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IPv6 Global Unicast Address Format
(Page 3 of 5)
Original Division of the Global Routing Prefix: Aggregators
The global routing prefix is similarly
divided into a hierarchy, but one that has been designed for the use
of the entire Internet, a la CIDR.
There are 45 bits available here (48 bits less the first three that
are fixed at 001), which is a lot. When the unicast address
structure was first detailed in RFC 2374, that document described a
specific division of the 45 bits based on a two-level hierarchical topology
of Internet registries and providers. These organizations were described
- Top-Level Aggregators (TLAs):
The largest Internet organizations, which were to be assigned large
blocks of IPv6 addresses from registration authorities.
- Next-Level Aggregators (NLAs):
These organizations would get blocks of addresses from TLAs and divide
them for end-user organizations (sites).
The 45 bits were split between these
two uses, with a few bits reserved in the middle to allow expansion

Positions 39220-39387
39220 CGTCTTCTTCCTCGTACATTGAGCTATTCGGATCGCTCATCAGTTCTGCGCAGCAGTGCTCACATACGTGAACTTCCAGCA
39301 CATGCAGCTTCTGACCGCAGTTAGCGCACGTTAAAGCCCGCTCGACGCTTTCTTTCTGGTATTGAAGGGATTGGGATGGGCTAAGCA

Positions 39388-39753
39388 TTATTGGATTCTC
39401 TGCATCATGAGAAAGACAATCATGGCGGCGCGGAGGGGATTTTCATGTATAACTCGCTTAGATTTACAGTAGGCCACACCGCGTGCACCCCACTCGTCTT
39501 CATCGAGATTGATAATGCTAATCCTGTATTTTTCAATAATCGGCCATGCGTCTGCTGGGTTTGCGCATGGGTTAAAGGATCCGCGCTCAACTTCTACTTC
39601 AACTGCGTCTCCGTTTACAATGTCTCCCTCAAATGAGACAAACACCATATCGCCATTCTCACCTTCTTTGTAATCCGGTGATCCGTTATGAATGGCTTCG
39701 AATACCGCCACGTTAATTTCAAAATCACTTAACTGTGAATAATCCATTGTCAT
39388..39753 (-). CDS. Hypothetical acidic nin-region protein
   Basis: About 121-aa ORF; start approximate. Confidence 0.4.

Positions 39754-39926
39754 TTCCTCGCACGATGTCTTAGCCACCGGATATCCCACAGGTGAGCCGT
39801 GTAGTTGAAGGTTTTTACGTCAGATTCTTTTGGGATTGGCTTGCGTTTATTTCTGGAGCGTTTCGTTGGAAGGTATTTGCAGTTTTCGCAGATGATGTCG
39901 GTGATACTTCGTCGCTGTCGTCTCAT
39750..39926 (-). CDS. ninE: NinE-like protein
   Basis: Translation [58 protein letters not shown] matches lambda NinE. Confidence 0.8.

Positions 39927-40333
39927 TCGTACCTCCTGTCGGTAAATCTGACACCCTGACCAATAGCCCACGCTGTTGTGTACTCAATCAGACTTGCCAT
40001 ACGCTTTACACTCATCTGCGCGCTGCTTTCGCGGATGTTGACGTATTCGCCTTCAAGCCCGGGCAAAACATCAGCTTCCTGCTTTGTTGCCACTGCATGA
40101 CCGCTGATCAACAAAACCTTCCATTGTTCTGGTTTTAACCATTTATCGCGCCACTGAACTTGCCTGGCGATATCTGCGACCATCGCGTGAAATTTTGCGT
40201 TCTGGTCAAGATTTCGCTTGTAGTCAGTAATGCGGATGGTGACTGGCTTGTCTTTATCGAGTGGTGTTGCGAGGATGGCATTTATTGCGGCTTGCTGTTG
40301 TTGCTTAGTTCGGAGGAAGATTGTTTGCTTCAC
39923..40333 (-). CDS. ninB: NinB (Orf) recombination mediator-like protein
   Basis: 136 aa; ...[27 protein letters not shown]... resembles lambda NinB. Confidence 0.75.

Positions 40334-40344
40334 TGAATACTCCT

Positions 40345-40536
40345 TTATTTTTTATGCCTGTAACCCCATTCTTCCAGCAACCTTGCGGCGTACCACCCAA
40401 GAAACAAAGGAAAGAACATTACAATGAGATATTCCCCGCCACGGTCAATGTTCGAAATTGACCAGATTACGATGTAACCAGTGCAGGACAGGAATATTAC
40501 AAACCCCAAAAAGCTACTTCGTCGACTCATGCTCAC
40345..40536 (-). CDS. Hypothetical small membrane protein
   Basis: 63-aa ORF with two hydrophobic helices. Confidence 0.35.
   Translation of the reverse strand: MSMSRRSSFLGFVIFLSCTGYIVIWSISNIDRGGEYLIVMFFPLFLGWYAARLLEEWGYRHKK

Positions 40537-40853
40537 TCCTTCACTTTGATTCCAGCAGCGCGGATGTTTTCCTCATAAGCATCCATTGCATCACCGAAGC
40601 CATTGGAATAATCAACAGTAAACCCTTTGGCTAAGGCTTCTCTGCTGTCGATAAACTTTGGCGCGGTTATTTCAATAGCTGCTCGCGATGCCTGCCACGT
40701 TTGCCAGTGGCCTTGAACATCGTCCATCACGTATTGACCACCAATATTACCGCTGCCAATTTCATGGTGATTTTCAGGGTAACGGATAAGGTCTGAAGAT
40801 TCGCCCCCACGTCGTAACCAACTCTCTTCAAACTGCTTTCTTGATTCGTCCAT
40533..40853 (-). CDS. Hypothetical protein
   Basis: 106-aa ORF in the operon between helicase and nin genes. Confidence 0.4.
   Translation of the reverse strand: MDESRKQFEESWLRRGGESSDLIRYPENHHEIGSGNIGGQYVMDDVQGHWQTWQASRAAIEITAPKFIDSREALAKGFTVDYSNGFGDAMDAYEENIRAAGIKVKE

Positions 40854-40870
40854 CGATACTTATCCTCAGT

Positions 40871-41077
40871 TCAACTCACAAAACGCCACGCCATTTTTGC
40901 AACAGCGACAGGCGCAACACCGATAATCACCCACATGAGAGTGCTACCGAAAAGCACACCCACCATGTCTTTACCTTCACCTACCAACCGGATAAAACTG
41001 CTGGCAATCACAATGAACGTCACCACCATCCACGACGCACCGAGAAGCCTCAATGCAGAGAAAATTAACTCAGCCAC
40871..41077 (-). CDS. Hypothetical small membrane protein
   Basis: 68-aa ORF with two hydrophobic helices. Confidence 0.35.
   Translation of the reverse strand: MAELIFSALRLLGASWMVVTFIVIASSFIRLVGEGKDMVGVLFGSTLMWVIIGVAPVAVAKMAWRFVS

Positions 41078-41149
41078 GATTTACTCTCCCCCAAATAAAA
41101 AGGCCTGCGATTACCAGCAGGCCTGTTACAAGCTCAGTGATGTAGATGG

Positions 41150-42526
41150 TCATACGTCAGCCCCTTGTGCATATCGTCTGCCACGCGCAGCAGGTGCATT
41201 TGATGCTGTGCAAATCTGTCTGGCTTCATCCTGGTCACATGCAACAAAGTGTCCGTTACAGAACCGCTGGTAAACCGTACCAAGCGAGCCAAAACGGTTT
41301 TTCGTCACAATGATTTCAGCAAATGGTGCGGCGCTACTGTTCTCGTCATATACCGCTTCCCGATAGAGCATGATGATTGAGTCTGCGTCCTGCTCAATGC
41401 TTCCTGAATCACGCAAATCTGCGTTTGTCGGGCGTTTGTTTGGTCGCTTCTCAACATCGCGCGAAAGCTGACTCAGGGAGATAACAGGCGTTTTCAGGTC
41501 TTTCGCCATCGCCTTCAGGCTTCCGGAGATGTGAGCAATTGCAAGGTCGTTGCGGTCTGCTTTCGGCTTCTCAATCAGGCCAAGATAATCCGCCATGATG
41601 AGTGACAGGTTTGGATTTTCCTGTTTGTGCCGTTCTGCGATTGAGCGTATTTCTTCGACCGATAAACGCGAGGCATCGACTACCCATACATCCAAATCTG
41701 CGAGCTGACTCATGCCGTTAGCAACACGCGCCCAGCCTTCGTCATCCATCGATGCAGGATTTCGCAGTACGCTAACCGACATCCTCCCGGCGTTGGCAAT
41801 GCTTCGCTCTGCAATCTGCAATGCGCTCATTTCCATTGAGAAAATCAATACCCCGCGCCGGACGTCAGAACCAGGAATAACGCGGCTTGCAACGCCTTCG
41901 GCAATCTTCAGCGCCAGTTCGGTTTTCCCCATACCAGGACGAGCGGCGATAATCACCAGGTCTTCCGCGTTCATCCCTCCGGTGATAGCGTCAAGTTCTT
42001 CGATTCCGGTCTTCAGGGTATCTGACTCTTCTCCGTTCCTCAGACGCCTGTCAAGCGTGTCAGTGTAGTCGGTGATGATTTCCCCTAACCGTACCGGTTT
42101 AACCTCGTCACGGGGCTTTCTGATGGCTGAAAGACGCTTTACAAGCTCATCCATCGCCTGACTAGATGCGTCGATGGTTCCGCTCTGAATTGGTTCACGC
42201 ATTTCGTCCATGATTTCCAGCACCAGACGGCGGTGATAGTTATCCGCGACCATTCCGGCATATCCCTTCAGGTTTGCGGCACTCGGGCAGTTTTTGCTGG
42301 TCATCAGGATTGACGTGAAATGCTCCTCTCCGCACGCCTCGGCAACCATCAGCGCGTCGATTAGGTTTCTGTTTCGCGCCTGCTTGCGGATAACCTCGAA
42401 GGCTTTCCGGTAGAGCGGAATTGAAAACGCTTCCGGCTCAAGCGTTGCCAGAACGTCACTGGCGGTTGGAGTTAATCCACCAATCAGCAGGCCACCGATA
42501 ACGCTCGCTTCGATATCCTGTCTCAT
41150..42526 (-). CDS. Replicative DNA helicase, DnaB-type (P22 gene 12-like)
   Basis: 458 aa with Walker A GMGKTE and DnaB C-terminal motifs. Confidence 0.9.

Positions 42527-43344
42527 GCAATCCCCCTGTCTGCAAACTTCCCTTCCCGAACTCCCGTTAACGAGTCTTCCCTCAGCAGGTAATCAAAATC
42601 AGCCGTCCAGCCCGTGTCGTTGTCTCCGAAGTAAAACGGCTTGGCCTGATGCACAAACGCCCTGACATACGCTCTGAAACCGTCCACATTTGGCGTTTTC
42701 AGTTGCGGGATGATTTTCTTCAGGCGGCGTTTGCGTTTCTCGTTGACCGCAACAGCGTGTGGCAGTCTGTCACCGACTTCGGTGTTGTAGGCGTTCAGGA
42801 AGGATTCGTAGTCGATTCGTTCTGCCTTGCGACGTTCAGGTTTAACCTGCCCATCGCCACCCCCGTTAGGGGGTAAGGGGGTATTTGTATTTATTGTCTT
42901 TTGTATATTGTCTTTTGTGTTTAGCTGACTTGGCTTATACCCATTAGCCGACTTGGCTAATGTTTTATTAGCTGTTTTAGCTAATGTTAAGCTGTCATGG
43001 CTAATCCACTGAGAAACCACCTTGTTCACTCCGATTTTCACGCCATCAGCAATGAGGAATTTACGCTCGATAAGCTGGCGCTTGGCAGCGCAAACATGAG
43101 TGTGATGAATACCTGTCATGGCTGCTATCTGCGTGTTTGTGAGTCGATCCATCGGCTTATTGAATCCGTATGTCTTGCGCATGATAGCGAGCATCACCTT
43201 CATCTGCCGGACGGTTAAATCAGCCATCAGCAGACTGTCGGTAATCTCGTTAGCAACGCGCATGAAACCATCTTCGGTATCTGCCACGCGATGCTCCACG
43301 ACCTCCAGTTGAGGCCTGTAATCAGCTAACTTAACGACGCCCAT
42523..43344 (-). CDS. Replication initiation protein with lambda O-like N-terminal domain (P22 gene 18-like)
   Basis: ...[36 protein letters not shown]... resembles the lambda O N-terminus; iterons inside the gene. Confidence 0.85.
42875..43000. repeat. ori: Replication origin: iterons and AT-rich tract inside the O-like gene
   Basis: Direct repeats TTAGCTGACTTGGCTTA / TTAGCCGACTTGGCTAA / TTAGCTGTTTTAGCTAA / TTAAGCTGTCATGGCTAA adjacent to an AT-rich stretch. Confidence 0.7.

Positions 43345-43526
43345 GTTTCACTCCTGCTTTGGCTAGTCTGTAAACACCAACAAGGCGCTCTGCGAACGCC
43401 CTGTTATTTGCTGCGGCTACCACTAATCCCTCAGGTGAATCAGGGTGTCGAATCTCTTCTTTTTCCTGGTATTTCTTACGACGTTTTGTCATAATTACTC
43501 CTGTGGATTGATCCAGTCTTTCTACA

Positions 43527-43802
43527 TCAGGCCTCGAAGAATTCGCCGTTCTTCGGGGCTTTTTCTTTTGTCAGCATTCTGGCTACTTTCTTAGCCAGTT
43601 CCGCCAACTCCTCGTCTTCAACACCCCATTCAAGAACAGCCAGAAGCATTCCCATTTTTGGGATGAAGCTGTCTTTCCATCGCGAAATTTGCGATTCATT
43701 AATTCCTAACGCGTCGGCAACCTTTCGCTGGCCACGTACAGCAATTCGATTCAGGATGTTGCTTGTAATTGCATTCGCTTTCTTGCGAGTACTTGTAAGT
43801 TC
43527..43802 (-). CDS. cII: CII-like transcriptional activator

of either field if needed. Thus, the RFC 2374 structure for the 45 bits
was as shown in Table 63:
Table 63: Historical IPv6 Unicast Routing Prefix Structure
Top-Level Aggregation Identifier:
A globally-unique identifier for the Top-Level Aggregator. There are
13 bits so there were a maximum of 8,192 TLAs allowed.
These 8 bits were reserved for future use and set to zero. By leaving
these 8 bits between the TLA ID and NLA ID unused, they could be later
used to expand either the TLA ID or NLA ID fields as needed.
Identifier: Each TLA was given this 24-bit field to generate
blocks of addresses for allocation to its customers. The NLA ID is unique
for each TLA ID. The use of the 24 bits was left up to the TLA organization.
You'll notice my use of
the past tense in the description of the TLA/NLA structure, and that
table heading is a pretty big giveaway too. In August 2003, RFC 3587
was published, which in a nutshell says uh, never mind about all
that TLA/NLA stuff. J
The decision was made that having this structure hard-coded
into an Internet standard was inflexible, and it made more sense to
allow the regional
Internet registries (APNIC, ARIN, LACNIC and RIPE)
decide for themselves how to use the 45 bits.
Note: The obsoleting of the TLA/NLA structure occurred after many years of people getting used to it, so for some time to come you will still routinely see mention of those terms in IPv6 descriptions. (This is why I included discussion of them here.)
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Version 3.0 - Version Date: September 20, 2005
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